If desired, I could even have a minor Ancient One servitor of some kind actually already summoned that the PCs have to deal with at this point. Undecided, but probably yes. That sounds nice.

V. To Tarush Noptii

Why are the vampires, or the Untouchables at least, getting involved with Untash tribesmen and sending them very dangerous books of forbidden lore? And what's a "Sith Lord" with ghoul servitors, clearly from Cannibal Isle, doing here too? I don't know yet. This is at least three, maybe four sessions out that I need to have answers to these questions, though--well, maybe late in the second session at worst. I've got a few weeks to think about this, see what the PCs do and uncover in the meantime, and like I said, I don't want to lock myself down to a plan until I see how the PCs do handle what I've got for them prior to this. So, I think I'll stop here, for the time being, and then revisit this plan after we play our first session and I see what needs to be modified and when I need to have it. Clearly this is meant to be a major hint that sends the PCs into Tarush Noptii, which will be the end of this "module" within the greater campaign, and therefore where we'll probably hibernate it for a while, so I'll want Tarush Noptii to be suitably climactic--it'll have to be the climax for the time being.

Monday, March 28, 2011

Star Wars Rehabilitation

I should probably be focused on some other stuff right now (like my new campaign starting Friday) but since Star Wars was a very close second and almost got run instead, I have to admit that I'm definitely on a bit of a Star Wars kick right now. I've got all the Star Wars soundtracks ripped to mp3, and I've been listening to them as I commute for the last two weeks. I just recently rewatched the entire 1st and 2nd seasons of the Clone Wars cartoon series (starting off with the feature film, of course) and I just blasted through all the 3rd season episodes that I had saved up, which makes up me up date. Coincidentally, on Friday they'll air the 2-part season finale. I'm reading an Old Republic novel, by the same guy who wrote the Force Unleashed novels, and I've got the Lost Tribe of the Sith novels queued up for my Kindle for PC on my laptop. I'm also starting to jones for watching the original trilogy (decidely non special edition versions) again.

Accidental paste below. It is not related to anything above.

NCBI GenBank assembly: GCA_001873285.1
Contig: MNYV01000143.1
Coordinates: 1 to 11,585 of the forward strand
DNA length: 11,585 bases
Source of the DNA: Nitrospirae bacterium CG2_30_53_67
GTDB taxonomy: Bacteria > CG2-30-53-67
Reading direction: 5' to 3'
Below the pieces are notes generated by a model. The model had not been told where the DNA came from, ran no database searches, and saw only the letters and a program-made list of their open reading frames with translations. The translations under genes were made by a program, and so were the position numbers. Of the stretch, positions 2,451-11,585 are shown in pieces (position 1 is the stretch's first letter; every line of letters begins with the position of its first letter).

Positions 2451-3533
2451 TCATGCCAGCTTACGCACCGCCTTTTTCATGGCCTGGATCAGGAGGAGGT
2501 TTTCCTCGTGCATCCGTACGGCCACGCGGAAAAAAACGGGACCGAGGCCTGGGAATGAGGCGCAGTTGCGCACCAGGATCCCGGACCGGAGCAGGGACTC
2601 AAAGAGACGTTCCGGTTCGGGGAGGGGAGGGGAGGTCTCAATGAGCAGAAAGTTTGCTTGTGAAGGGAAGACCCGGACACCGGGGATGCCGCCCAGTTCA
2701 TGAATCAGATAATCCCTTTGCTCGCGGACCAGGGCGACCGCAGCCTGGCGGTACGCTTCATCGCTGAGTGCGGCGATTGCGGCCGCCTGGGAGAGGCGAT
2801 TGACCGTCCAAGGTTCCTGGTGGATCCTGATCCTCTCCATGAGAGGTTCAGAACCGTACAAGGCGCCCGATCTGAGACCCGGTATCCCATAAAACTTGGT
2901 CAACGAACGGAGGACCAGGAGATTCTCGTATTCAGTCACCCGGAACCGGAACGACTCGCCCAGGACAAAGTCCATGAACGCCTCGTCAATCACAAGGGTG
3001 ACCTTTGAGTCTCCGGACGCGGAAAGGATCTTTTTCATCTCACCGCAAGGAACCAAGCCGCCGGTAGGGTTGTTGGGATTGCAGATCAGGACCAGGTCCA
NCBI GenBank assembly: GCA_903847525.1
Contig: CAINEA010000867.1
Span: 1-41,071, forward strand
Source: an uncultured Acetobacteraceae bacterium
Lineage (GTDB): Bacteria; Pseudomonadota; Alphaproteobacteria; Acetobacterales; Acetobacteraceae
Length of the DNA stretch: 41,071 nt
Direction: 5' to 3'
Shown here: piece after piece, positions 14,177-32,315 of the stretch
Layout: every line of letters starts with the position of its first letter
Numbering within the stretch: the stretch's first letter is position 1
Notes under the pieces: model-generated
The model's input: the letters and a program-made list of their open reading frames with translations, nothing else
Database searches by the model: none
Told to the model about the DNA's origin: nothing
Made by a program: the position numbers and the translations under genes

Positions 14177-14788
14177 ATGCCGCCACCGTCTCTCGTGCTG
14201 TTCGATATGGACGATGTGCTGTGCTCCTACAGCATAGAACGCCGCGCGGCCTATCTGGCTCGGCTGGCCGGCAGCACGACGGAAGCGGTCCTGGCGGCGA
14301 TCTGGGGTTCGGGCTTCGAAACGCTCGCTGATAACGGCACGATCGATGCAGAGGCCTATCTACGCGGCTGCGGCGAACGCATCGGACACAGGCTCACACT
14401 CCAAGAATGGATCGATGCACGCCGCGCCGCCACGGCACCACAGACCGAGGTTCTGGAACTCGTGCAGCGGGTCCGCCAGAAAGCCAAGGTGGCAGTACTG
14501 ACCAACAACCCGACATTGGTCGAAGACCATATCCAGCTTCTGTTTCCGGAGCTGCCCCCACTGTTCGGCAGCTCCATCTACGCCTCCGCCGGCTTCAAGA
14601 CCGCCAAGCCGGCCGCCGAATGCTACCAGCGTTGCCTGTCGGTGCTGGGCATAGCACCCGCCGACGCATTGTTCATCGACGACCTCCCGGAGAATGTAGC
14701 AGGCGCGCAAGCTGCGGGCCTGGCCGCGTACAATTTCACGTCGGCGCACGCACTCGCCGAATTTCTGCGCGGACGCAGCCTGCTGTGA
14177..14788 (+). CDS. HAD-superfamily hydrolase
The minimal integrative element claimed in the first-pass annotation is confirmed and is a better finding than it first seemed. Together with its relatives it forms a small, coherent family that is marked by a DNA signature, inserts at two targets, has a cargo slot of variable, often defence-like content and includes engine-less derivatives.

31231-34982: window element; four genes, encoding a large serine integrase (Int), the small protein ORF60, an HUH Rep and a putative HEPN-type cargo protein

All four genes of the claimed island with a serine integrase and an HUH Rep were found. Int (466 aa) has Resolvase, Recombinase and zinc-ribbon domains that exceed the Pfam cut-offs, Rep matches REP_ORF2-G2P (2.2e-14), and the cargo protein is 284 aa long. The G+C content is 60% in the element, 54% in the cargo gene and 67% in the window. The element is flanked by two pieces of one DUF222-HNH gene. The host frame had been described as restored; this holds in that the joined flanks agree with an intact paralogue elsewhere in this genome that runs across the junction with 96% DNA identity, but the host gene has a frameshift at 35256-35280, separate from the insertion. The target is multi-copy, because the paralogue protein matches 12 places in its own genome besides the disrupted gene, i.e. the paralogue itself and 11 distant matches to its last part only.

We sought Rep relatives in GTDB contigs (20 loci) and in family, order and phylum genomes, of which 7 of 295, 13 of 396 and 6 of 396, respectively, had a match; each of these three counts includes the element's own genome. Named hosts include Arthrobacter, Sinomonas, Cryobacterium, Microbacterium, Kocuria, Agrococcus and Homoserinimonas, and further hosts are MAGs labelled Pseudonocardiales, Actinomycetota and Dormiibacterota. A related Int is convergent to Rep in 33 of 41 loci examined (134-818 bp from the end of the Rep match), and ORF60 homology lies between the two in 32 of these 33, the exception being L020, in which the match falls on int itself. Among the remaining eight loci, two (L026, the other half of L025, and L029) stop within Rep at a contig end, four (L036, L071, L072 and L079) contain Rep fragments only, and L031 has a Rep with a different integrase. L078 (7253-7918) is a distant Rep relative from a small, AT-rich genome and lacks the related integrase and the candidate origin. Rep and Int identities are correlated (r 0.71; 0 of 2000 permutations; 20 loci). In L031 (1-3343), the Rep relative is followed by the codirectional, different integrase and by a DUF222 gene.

This is all a little unusual for me. I've been a Star Wars fan since I can remember, of course. I was born in early 1972, so I was almost 5½ when the first film came out. It's literally the first movie that I remember seeing in theaters. For years afterwards; at least twenty years, but maybe more like twenty five, or even thirty, I'd say that the original trilogy Star Wars movies, especially The Empire Strikes Back were my favorite movies ever. But something happened, and they slipped a bit in my estimation (curiously, Lucasfilm's other big hit, Raiders of the Lost Ark moved into first place.) What happened was, of course, the prequel trilogy.
See, Lucas used to make these movies more collaboratively. He had help with the screenplays, particularly the dialogue. He had help in the editing room. He understood his own strengths and weaknesses as a filmaker, and had folks in place who could cover for him on the areas where he wasn't as good. He was open to delegation. This was increasingly not true as he went forward. Return of the Jedi was where it started, but it was really on the prequel trilogies that it's drawn to its inevitable finish. Plodding, pretentious and just frankly really boring despite their snappy visuals, workable stories dragged down by bad pacing and worse dialogue, and Lucas' philosophy of "just make it all happen fast enough and people won't notice the flaws" was oddly both attempted and yet failed; the movies don't move very fast. Star Wars as a franchise, at least in my mind, was significantly damaged by the prequel trilogies. They gave us things like Darth Maul, but they also gave us Jar Jar Binks. I found I couldn't watch any of the prequel movies all the way through anymore. They're just too terrible to be endured without a judicious application of the fast-forward button.